Alcohol produces both stimulant and sedative sensations [18,19,20]. Martin et al. developed the BAES, which is a self-reporting measure of the impact of alcohol [12]. BAES is a reliable and valid 14-item measure of the acute stimulant and sedative effects of alcohol; however, its length may preclude its use in research paradigms with time constraints on assessment. Thus, in the present study, we used the six-item B-BAES [21,22]. The brief stimulation subscale of the B-BAES consists of energized, excited, and up, whereas the brief sedation subscale consists of sedated, slow thoughts, and sluggish. Each participant answered each item as a subjective sensation on a 10 cm visual analog scale. The distance (cm) from the left edge of the line to the mark placed by the participant was measured at each time point. This measurement was then used in subsequent analyses as the sensation score from 0 (not at all) to 10 (extremely) that best described their present feelings. To determine the stimulant or sedative score, we added the score of each of the three items of the stimulation or sedation subscale. The scores are expressed as the changing scores obtained from before drinking beer (0 min). In addition, we used the trapezoidal rule to calculate the area under the curves (AUC0–150) from 0 to 150 min of the score–time curves of subjective stimulant and sedative feelings.

2.4. Statistical Analysis

All statistical data were analyzed using BellCurve for Excel 3.20 (Social Survey Research Information, Tokyo, Japan). Temporal changes from 0 min to 150 min of each blood or serum concentration were analyzed for each variable using repeated-measures ANOVA. Differences among the three drinking speeds of the maximal changes in each blood or serum parameter and B-BAES scores, as well as the AUC0–150 of the scores, were analyzed using one-way ANOVA followed by Bonferroni post hoc test as paired analyses of parametric data; different letters in the figures indicate statistically significant differences. These data are presented as means ± standard deviation. Pearson’s simple linear regression analysis was used to evaluate the correlations of maximal blood alcohol concentration (BAC-max) with each maximal score of subjective feeling. A value of p < 0.05 was considered significant.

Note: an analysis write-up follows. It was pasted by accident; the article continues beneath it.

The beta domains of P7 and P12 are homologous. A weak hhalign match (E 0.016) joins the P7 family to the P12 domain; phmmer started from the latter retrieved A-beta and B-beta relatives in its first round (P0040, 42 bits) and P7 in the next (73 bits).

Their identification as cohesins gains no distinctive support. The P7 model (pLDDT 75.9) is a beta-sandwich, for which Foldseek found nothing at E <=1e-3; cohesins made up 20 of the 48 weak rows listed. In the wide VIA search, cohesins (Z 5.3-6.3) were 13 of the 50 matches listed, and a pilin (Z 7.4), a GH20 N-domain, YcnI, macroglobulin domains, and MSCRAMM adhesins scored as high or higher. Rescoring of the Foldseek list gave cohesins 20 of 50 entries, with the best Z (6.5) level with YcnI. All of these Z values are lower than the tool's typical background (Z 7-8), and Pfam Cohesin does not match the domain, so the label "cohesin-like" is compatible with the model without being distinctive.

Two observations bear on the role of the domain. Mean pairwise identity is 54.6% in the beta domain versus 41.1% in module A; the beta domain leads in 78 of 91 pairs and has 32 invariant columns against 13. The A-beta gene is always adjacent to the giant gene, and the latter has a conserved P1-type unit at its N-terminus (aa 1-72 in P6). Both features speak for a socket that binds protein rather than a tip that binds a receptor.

3. Results

All participants underwent three experiments for the three drinking speeds. Final analyses were conducted using data from 18 healthy participants aged 36.3 ± 9.9 years. Table 2 lists the characteristics of the participants, and Table 3 summarizes the temporal changes, the maximum amount of change from 0 min, and the AUC0–150 of each blood or serum parameter. All drinking speeds indicated a significant temporal change in all parameters. The maximal change in BAC at the drinking speed of 20 mL/5 min was significantly lower than that at 80 and 40 mL/5 min 75 min after the start of drinking (p < 0.001 and p < 0.001, respectively), although the BAC values 150 min after the start of drinking were similar among the three drinking speeds. The maximal changes in acetate, lactate, pyruvate, and lactate/pyruvate ratios were not significant among the three drinking speeds. The maximal changes in uric acid concentrations at a drinking speed of 20 mL/5 min were significantly lower than at drinking speeds of 40 and 80 mL/5 min (p < 0.001 and p = 0.015, respectively).
Figure 2 illustrates the temporal changes in scores, maximal scores, and the AUC0–150 of the stimulant and sedative feelings. The time that reached the maximal score differed between the three drinking speeds. The stimulant feelings increased until finishing drinking alcohol and decreased thereafter (Figure 2A); however, the maximal and AUC scores were did not significantly differ between the three drinking speeds (Figure 2C,E). Conversely, the scores of sedative feelings showed differences between the three speeds (Figure 2B). The maximal and AUC scores at a drinking speed of 20 mL/5 min were significantly lower than those at a drinking speed of 80 mL/5 min (Figure 2D,F), but those at a drinking speed of 40 mL/5 min did not significantly differ from those at 80 and 20 mL/5 min.